by Terry Pratchett



326pp/$24.00/November 2000

The Truth
Cover by Josh Kirby
(British Edition)

Reviewed by Steven H Silver

Terry Pratchett has been building of several trends in his recent Discworld novels.  Vampires, for instance, first appeared in a major way in Carpe Jugulum, returned in The Fifth Elephant, and are again in evidence in Pratchettís newest Discworld novel, The Truth.

The Fifth Elephant saw the introduction to the Clacks, the Discís answer to Samuel Morse.  Pratchett demonstrated an interest in examining how the new technology would affect the lives and well-being of the Discís inhabitants.  In The Truth, the Clacks is joined by movable type and the Discís first newspaper.  Ankh-Morpork, of course, quickly invents all the techniques used by modern newspapers, especially their more unsavory elements.

The Ankh-Morpork Times is founded by William de Worde, a scion of a wealthy family who has broken from his father.  When he learns of the existence of a Dwarven printing press in Ankh-Morpork, he quickly begins putting out a newspaper.  The results place him in direct competition to the Engraverís Guild.  At the same time, de Worde and his band of fledgling journalists come across a major story when the Patrician is arrested for the attempted murder of one of his clerks.

Although many of Pratchettís traditional characters make an appearance in The Truth, they are seen from de Wordeís point of view.  Samuel Vimes comes across very differently than he does in the Watch novels, although his reputation as a difficult man is demonstrated clearly, as it hasnít been since Guard! Guards!  Other characters come across better, for instance, Pratchett adds dimensions to CMOT Dibbler which have never even been hinted at, but which are completely keeping in character with what was already known about him.

Pratchett includes several new and interesting characters for the first time in several novels.  Perhaps most intriguing is the glimpse he gives readers of the High Priest of Blind Io, Hughon Ridcully, brother of the famous Archchancellor.  Plotting murder and mayhem throughout the novel are a pair of hired guns, Mr. Pin and Mr. Tulip, with the latterís mix of violence and idiot-savant knowledge of art.  Working for de Worde are Sacharissa, his star journalist, who works for the paper despite being from a family of engravers, Goodmountain, the dwarf who operates the press, Goodmountainís associate Boddony, perhaps the most fun character in the novel, and Otto, the Discís first photographer, a profession made perilous by the fact that he is a vampire.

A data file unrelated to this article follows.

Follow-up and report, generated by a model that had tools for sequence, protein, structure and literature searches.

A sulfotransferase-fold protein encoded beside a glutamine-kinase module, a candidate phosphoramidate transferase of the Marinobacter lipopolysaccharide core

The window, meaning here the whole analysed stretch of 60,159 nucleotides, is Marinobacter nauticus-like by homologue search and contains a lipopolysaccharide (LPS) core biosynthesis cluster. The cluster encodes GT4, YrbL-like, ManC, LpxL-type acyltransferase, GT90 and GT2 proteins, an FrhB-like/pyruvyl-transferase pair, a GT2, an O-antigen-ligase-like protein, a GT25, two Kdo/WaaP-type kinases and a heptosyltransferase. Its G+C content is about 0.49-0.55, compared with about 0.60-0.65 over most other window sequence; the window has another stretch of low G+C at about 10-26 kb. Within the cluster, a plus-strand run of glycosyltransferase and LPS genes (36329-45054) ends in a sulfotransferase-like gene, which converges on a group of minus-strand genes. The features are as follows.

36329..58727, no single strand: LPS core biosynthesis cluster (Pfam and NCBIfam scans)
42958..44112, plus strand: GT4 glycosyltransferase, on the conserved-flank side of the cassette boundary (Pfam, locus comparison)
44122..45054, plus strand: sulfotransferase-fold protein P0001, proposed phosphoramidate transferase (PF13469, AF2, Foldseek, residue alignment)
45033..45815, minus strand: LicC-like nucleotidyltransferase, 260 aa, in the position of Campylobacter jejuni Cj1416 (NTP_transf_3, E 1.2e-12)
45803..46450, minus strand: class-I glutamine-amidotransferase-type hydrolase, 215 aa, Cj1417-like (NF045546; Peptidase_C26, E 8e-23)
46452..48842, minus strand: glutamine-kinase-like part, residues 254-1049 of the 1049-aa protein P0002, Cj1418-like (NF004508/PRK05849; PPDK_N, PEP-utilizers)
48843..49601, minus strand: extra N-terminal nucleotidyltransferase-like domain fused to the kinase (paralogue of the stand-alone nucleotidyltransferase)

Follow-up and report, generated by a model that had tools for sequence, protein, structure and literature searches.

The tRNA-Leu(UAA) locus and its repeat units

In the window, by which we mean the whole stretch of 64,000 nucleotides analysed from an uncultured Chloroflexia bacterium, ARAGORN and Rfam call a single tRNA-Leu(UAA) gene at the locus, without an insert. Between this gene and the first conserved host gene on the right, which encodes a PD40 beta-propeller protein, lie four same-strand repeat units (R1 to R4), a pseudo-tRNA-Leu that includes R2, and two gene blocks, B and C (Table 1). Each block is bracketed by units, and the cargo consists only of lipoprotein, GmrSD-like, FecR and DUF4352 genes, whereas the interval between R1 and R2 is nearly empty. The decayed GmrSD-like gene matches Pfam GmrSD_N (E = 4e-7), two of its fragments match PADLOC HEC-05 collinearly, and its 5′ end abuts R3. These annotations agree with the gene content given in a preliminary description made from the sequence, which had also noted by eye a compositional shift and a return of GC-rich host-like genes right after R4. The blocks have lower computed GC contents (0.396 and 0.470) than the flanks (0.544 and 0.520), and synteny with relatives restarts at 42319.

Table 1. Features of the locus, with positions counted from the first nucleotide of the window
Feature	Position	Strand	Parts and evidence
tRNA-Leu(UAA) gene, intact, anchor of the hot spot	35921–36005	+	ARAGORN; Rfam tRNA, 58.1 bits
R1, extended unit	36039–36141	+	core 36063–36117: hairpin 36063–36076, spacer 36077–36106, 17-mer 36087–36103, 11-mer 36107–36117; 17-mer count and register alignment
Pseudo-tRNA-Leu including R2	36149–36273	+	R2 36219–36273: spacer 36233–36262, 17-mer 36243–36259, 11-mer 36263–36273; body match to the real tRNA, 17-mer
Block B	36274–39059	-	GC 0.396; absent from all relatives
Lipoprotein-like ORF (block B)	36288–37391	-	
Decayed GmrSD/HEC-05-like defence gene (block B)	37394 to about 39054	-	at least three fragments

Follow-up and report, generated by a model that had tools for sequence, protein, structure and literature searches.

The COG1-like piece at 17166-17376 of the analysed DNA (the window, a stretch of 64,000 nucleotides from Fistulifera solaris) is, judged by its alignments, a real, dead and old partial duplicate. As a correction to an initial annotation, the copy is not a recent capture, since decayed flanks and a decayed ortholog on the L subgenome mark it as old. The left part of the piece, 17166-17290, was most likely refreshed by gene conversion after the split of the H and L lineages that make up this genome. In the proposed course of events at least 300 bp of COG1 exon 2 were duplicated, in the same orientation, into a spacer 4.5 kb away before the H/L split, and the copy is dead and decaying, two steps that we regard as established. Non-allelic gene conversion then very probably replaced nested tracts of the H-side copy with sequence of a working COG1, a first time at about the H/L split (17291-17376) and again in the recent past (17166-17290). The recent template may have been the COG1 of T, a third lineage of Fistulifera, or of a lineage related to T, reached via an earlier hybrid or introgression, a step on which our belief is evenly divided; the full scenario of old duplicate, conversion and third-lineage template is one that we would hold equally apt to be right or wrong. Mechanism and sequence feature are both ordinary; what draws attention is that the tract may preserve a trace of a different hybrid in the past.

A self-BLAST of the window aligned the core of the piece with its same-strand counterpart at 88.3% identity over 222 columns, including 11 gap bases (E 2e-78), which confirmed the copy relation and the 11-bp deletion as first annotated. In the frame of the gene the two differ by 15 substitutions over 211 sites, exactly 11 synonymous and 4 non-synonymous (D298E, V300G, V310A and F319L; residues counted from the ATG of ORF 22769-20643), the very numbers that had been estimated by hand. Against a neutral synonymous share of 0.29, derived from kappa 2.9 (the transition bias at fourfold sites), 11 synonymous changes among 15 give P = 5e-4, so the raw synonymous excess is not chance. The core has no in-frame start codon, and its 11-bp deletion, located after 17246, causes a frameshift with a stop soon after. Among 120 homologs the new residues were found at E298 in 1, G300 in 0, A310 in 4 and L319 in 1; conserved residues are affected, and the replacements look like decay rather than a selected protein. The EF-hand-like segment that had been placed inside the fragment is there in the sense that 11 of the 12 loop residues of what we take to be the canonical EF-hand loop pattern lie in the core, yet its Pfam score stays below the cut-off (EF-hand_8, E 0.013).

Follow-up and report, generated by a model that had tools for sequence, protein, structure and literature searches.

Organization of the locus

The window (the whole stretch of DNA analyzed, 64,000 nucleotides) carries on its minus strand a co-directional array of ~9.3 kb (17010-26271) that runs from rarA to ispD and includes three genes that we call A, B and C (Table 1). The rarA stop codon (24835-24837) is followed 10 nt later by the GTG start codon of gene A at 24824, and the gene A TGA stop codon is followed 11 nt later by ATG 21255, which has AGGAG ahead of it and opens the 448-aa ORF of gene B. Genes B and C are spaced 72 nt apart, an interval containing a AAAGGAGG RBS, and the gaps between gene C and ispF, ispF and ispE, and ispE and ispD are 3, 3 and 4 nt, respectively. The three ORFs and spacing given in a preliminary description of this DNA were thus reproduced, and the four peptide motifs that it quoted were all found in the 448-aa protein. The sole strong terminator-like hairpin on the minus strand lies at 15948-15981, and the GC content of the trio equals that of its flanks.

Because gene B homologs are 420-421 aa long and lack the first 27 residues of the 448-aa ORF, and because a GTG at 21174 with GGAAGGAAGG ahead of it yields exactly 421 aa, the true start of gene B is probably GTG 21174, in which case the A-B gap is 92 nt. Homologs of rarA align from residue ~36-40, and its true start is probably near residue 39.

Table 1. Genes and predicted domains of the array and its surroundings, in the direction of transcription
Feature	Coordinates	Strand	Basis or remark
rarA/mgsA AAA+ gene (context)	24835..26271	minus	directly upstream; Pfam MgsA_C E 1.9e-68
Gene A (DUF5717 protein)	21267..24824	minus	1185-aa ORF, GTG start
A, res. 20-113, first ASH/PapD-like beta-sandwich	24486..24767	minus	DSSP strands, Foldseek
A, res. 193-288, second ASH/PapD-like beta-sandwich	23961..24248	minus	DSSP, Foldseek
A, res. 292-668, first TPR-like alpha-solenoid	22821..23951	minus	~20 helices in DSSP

Whereas in Carpe Jugulum, the vampires learned how to overcome their weaknesses in order to more efficiently invade Lancre and feast of the inhabitantsí blood, by the time of The Truth, the knowledge to leave behind some of the aspects of vampirism have spread throughout the Disc and are being used by vampires who desire to become useful members of an integrated society.

 By introducing new characters, in addition to new situations, Pratchett is breathing additional life into the vibrant world he has created, leading to a novel which ranks among the best of the Discworld books, containing effective satire and combining it with a strong plot and intriguing characterizations.

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